A multidisciplinary approach to managing chronic pain in children
“Everything hurts.” This was the chief complaint of ʻAʼ, a teenage girl with oligoarticular juvenile arthritis. On examination, she had no signs of arthritis, and no fibromyalgia tender points. She was unable to attend school because of the chronic pain. The problem I was facing was one that pediatric rheumatologists face quite often: What to do for a child with pain?
Pain is one of the most common complaints in pediatric rheumatology [1,2]. Chronic pain associated with rheumatic disease is a significant stressor to children and their caregivers. For instance, children with chronic or recurrent pain have been shown to have decreased coping skills, and increased anxiety, sleep disturbance, and social withdrawal, and parents report severe stress and dysfunctional family roles . Interestingly, pain does not always correlate with inflammation, and pain assessment can be challenging . In a study of children and adolescents with juvenile idiopathic arthritis, there was no difference in distress between children with elevated inflammatory markers compared with those with well controlled disease .
Treating pain in children can be quite challenging. If we can identify the cause, such as a swollen joint from arthritis, we can start medication to control the underlying disease, which in turn, should help treat the pain. The more challenging situation is when no specific cause of the pain can be identified, as in my patient. In these cases, thinking about pain as its own entity can be helpful. Amplified musculoskeletal pain syndrome (AMP) is thought to be due to abnormal pain signaling reflex, and can cause pain in any part of the body.
The good news is that we were able to diagnose A with AMP. The challenging news is that treatment would be complicated.
Children with AMP often need multidisciplinary support. Specialized clinics that focus on keeping children mobile through physical and occupational therapy, and dealing with stressors by working with a psychology team have been shown to be beneficial. For A, this multidisciplinary approach was critical. Over many months, A started increasing her physical activity. Her sleep improved and she started talking to the psychology team about some of the stressors she was facing in school and at home. I am happy to say that A is now back full-time in school and doing great, with no pain!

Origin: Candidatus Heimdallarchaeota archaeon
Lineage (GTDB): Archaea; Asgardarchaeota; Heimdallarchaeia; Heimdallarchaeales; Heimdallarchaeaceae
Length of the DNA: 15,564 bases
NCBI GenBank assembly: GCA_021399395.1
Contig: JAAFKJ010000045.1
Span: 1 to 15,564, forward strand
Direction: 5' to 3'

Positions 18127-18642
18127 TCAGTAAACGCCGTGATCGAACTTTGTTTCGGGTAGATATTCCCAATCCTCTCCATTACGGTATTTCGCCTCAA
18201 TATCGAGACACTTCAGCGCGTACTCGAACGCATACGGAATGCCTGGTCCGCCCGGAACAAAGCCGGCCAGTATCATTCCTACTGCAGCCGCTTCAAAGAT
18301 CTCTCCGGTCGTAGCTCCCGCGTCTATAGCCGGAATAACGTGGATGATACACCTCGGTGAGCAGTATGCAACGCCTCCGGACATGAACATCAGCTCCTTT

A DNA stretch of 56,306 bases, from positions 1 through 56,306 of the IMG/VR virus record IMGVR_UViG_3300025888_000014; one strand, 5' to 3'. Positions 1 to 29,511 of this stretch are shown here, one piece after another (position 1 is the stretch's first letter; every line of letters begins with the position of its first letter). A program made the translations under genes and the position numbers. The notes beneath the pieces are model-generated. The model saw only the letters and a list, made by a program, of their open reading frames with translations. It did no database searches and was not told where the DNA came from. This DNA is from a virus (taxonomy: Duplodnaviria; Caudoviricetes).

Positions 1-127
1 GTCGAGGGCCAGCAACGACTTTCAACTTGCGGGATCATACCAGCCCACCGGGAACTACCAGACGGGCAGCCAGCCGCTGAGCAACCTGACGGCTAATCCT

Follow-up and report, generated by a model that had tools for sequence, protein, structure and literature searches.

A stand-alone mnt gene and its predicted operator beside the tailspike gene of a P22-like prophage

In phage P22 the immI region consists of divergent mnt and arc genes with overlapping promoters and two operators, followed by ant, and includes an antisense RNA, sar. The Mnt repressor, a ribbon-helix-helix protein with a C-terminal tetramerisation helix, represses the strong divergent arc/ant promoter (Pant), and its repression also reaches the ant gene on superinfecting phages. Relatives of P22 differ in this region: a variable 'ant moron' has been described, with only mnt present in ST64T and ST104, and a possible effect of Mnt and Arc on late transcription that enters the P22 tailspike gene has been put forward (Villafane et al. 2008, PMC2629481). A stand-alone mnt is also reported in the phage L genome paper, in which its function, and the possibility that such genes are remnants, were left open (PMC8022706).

For me, working with A was challenging because there was no “quick fix” – it was hard work for A, her family, and me. It is difficult to watch children be in pain. But, as the opioid epidemic has shown, throwing medications at the problem can sometimes cause more harm than good. Working with A and other children with chronic pain has taught me about the importance of multidisciplinary teamwork. We are all working together to help our patients thrive.
Eccleston C, Malleson P. Managing chronic pain in children and adolescents. BMJ 2003; 327: 1408–1409.
Bromberg MH, Connelly M, Anthony KK, Gil KM, Schanberg LE. Self-reported pain and disease symptoms persist in juvenile idiopathic arthritis despite treatment advances: an electronic diary study. Arthritis Rheumatol 2014; 66: 462–469.
Carter BD, Threlkeld BM. Psychosocial perspectives in the treatment of pediatric chronic pain. Pediatr Rheumatol Online J 2012; 10: 10–15.
Giancane G, Alongi A, Rosina S et al. Open issues in the assessment and management of pain in juvenile idiopathic arthritis. Clin Exp Rheumatol 2017; 107: 123–126.
Noll RB, Kozlowski K, Gerhardt C et al. Social, emotional, and behavioral functioning of children with juvenile rheumatoid arthritis. Arthritis Rheum 2000; 43: 1387–1396.